Friday, October 21, 2011

Recovery is Boring

Recovery is boring. Rather than running, I'm planning out training and
races and other running related things. I have a list of races planned
for the next year in my preparation of the full marathon in October.
Another half in the spring a half in the late summer and as many 10 and 5
k that I can afford, including Warrior Dash.
Some friends have sparked interest for the PoHo Hot Cocoa 8k in January.
Sounds fun. The after party is chocolate themed and you get a neat
I set up an appointment with a sports medicine doctor for a post-race
checkup. Hoping she can educate me on some of my pains, like the one in
my heel and outer foot. The pain has subsided a lot since the race, but I
figured a nice 5 miler the night before will make it surface.

Monday, October 17, 2011

The Detroit Free Press Marathon

I guess my first post to the new blog will be a big one and therefore anti-climatic. A few other blogging runner's begin to write at the start of their training. Not me. Nope. About 4 months ago, I started training for my biggest running achievement to date - my first half marathon. It was a slow-and-steady kind of training that started to lose momentum towards the end, but I stuck with it. Now I can say I earned the right to put one of those cheesey "13.1" oval stickers on my car. I haven't, but I earned the right to. Moving on...
The day started at 4:30 AM. I got up, came downstairs, woke up Emily, my running partner/sister-in-law, and got a move on. I wasn't sure if I was going to go with pants or shorts as I train with both and it was about 45 out that morning, but I went with the shorts; pants are for sub 40. A banana and a Mojo Cliff Bar later, we arrived downtown. I knew it was a huge event, but when you're joining up with your fellow 20,000 colleagues and their cheer support, its really put into perspective.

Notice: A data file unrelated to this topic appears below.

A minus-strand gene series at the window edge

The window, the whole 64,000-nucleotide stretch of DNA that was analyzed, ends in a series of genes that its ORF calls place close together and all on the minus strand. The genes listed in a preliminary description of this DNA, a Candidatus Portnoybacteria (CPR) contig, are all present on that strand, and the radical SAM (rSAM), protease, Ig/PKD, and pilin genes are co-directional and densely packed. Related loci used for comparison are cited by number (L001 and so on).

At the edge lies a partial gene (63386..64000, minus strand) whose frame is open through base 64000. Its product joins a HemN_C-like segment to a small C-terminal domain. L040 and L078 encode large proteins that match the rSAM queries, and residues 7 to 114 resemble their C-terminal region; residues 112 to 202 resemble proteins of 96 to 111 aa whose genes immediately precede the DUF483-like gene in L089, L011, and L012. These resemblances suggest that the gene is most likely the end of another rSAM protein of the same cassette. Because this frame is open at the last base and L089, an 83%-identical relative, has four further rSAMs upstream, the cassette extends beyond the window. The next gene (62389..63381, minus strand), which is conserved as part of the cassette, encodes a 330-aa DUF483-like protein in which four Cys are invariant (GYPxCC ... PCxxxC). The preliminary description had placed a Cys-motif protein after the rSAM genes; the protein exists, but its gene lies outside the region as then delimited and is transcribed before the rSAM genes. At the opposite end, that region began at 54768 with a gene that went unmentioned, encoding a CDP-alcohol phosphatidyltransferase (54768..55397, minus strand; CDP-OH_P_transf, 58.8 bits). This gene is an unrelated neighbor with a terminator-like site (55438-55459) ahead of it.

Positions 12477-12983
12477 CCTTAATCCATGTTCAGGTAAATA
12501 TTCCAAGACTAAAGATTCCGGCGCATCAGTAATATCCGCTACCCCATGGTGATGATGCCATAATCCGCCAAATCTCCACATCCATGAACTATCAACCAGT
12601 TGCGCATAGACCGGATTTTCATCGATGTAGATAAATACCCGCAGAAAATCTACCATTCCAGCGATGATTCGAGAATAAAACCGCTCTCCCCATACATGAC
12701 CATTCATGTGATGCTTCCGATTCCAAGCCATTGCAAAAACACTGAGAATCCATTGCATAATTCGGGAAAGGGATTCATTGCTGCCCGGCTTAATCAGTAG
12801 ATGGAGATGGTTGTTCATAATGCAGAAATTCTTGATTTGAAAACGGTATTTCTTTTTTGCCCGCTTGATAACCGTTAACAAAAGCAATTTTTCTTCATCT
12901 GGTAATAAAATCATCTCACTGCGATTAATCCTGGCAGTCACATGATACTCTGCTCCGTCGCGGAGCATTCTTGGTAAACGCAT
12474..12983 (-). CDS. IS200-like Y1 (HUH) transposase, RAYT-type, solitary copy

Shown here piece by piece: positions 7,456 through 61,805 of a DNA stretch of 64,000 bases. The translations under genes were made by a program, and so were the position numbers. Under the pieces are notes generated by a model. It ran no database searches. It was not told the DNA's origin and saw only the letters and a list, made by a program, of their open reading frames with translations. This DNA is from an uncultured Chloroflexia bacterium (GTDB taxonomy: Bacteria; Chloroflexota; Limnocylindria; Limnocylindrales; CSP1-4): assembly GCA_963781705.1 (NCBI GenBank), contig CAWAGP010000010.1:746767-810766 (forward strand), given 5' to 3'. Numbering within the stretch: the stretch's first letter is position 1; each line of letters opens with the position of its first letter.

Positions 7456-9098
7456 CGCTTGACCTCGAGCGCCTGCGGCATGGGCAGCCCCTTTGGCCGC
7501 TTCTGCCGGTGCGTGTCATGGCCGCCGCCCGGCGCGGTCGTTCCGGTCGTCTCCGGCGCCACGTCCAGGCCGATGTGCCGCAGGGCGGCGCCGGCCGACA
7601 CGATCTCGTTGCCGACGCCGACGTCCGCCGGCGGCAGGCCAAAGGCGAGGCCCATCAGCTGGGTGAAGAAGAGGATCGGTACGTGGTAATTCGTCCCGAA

We met up with the third of our "team", Anthony, near our corrals. Warmed up, shook loose the nerves and dropped off any "extra luggage". At about 6:30 AM we headed off to our respective corrals. I bumped into a old coworker, who happened to be in my corral and we kept company until our start. Being in one of the last corrals, our wave started around 7:20. The airhorn sounded and I was off - alone amongst thousands of others.
The first 2 miles are kind of tough, but not because of terrain or anything like that. You're trying to adjust your pace, meanwhile you have to weave in and out of everyone else as they do the same - people that started behind you are trying to pass you, while you, yourself are trying to pass the slower-paced people who started in front of you. Meanwhile, everyone is shedding their throw-away warm-ups. Its a chaotic 2 miles, despite being straight and flat.